THE TRUTH: The flights may have been full or close to it when the...these people in the seats also need to spend enough dollars to cover costs and have some left over for profit...butts in seats doesn't always equate to enough dollars in the bank! If you need a dollar and you get 90 cents your losing money no matter how many passengers you carry.
person making the statement flew but overall the flights are often
not very full....
The flights were pretty full with high load factors in general but the
airlines can't go to the bank to pay their bills and hopefully make a
profit with people in seats...if not enough revenue is on the plane.
Very recently, Flagstaff Arizona announced that they were losing service on Horizon Airlines to Los Angeles. Unfortunately a small community losing some air service is not usually a big news item in these times of airlines reducing capacity and service. What makes this incident of note is that Horizon not a month or so before this discontinuance of service announcement had advised Flagstaff that the flights were profitable!
You may ask how can a community lose airline service when the service is profitable?! The answer is actually simple and goes to THE BIG TRUTH of Airline Service Development...
THE BIG TRUTH:
"Profit alone doesn't make community air service secure. Making aTHE BIG TRUTH is exactly what Horizon shared with the Flagstaff community. Yes they were successful and the service was profitable...unfortunately for Flagstaff they were on the bottom of the profitability list of airports Horizon had service to and when Horizon was going to see a reduction in aircraft they had to cut service. Like a good business will...they will keep their most profitable ventures and cut their least profitable ventures when they have to make cuts.
bigger profit than if the airline used the aircraft to fly to another
community is what makes the air service secure!"
You may ask why doesn't the airline just get more equipment? If the service is profitable why not get or keep enough aircraft to operate all profitable routes? Good Question but with logical answers. In an industry that has reduced capacity and thus flights to get to an overall pricing power needed to get their systems profitable...you don't just casually add or retain aircraft and flights. Those extra flights could put too many seats in the system driving down airfares and jeopardizing more of an airlines flight schedules ability to make a profit.
Additionally an additional aircraft isn't an inexpensive thing to buy...Aircraft cost tens of millions of dollars. It is a costly asset and not something purchased like a box of pens. Aircraft of the right size and type are not always available to just buy and put into your fleet. Also...if your lease is up on an aircraft it has to go unless you extend the lease and then you have to look at the costs of doing this. The extra costs of maintaining an additional aircraft type with maintenance, training etc...can move profitable route to one that is non-profitable.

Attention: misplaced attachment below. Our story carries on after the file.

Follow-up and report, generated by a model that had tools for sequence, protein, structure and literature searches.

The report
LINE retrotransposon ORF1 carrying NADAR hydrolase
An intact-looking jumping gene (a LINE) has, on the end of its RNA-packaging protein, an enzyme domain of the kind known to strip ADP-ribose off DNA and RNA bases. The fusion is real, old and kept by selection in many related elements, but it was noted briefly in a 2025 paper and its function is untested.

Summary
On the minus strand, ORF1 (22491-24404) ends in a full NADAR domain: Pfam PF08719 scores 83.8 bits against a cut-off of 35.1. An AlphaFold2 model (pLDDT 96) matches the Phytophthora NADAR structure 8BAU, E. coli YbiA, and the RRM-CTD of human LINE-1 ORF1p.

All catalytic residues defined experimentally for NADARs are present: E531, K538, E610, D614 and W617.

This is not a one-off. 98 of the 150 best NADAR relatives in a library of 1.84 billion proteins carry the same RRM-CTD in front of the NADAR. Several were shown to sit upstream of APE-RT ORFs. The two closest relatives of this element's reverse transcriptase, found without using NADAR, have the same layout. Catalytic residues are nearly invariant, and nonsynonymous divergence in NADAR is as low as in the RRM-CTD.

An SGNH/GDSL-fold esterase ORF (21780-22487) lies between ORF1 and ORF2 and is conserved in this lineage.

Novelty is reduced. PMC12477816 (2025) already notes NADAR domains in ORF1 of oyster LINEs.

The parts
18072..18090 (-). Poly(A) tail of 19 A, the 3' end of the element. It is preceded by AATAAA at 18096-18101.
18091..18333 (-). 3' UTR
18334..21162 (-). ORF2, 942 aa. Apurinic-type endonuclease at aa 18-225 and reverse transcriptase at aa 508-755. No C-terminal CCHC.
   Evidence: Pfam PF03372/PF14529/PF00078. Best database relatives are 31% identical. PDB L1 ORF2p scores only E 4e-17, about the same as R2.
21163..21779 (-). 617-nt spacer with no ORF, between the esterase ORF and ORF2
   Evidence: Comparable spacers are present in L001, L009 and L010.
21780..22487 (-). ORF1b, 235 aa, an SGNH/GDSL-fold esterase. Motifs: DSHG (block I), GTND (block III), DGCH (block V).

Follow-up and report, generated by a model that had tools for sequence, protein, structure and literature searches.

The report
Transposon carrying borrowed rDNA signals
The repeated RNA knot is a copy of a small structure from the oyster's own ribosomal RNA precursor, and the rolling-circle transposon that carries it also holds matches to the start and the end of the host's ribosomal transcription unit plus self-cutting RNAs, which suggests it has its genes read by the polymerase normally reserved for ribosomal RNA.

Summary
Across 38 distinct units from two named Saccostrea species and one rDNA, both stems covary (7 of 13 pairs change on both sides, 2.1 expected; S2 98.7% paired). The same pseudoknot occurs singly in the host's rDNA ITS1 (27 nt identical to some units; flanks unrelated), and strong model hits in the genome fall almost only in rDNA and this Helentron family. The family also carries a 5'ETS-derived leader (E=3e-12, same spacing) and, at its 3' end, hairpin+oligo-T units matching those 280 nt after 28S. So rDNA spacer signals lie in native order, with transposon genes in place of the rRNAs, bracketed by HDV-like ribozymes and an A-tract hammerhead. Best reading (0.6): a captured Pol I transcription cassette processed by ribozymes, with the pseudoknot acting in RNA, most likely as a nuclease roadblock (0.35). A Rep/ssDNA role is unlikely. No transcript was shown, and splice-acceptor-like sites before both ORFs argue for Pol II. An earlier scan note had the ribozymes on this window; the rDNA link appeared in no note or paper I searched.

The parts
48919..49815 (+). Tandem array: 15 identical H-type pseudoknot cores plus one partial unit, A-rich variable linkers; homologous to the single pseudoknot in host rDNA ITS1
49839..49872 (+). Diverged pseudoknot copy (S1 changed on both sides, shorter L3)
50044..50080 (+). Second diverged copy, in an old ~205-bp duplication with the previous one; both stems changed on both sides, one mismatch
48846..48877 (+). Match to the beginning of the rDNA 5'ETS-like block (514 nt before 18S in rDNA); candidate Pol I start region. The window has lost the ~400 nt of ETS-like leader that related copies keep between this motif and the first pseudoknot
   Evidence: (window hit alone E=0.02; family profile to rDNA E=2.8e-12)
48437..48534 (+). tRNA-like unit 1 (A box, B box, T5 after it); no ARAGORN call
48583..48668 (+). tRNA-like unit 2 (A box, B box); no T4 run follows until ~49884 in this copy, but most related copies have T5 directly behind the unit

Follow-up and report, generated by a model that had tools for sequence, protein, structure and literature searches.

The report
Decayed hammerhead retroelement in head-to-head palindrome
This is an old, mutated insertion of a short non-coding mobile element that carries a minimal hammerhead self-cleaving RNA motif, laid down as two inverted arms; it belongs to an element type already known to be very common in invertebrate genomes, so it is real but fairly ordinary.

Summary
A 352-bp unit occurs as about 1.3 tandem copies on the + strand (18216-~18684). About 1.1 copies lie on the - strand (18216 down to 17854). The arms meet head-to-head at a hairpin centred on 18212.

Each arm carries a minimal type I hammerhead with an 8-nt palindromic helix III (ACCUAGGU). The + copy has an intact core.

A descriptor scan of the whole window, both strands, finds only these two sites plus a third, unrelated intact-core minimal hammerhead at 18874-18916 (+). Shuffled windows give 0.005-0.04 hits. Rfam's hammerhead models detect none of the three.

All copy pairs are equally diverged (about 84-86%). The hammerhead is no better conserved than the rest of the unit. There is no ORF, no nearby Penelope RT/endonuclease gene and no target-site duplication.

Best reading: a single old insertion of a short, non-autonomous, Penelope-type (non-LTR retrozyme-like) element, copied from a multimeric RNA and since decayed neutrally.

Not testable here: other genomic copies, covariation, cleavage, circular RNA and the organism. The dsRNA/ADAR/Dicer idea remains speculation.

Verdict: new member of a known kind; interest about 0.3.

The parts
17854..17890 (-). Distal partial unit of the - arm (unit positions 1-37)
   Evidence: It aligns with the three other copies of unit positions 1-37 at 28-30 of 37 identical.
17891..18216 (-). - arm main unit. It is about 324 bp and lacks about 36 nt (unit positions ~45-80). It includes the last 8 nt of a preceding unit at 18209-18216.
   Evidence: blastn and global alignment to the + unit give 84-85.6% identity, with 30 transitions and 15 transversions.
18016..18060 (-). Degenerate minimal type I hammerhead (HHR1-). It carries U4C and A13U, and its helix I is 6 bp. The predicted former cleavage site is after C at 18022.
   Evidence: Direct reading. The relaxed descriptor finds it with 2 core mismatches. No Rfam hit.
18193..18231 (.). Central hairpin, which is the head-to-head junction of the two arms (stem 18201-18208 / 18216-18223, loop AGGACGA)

What is a community to do if even when their commercial air service is profitable they can lose the service?
Airline Revenue Guarantees can help especially if the community has a sustained ability to offer risk abatements.It turns out that Flagstaff originally offered subsidies and other start-up support to get the Horizon Los Angeles Flight in the first place. High six figure level support. Unfortunately, often, start-up cost abatements are only helpful as long as the communities funds are available. It's an old story that often the airlines will leave when these funds are depleted. Flagstaff's funds were for start-up support. If they had an ongoing program where they had a consistent funding source available...Horizon could have gone back to Flagstaff and allowed them the chance to move them up the profitability ladder via a revenue guarantee and Horizon could have cancelled another communities service instead. Knowing Flagstaff's investment for air service was short term and not a longer term support that was sustainable... Horizon cancelled the service and didn't make the call about the discontinuance of service until after the decision was made and executed.
If a community is generating a profitable service why would they even consider offering a revenue guarantee?
Because in the present environment...there are fewer aircraft available for a growing number of communities who want the air service...who want the economic development and activity that the air service can generate. Let me put it this way...IF A FLIGHT DRIVES $10 MILLION DOLLARS+ IN ECONOMIC ACTIVITY TO A COMMUNITY AND WOULD COST $200,000 IN A REVENUE GUARANTEE TO RETAIN THE AIR SERVICE I THINK A COMMUNITY WOULD BE CRAZY NOT TO FIGURE OUT HOW TO COME UP WITH THE $200,000!
Through my role as Executive Director of the Telluride Montrose Regional Air Organization I've pursued, obtained and supported commercial air service via revenue guarantees that have delivered a strong return on investment. I've facilitated the creation of benchmarks so that my community can determine what the ROI of an air service needs to be and what other benchmarks a community should develop to best manage an air service development program that is worthwile and drives strong community economic impacts.
Community Flights, my air service development consulting company can help communities evaluate air service development issues like revenue guarantees...how much is appropriate for how much air service etc...Small Communities in particular need to compete for the air service they can support and service they deserve...Community Flights can help facilitate a communities air service focus and develop and execute a strategy to meet the communities air service goals. VFNV9FAQDT2U
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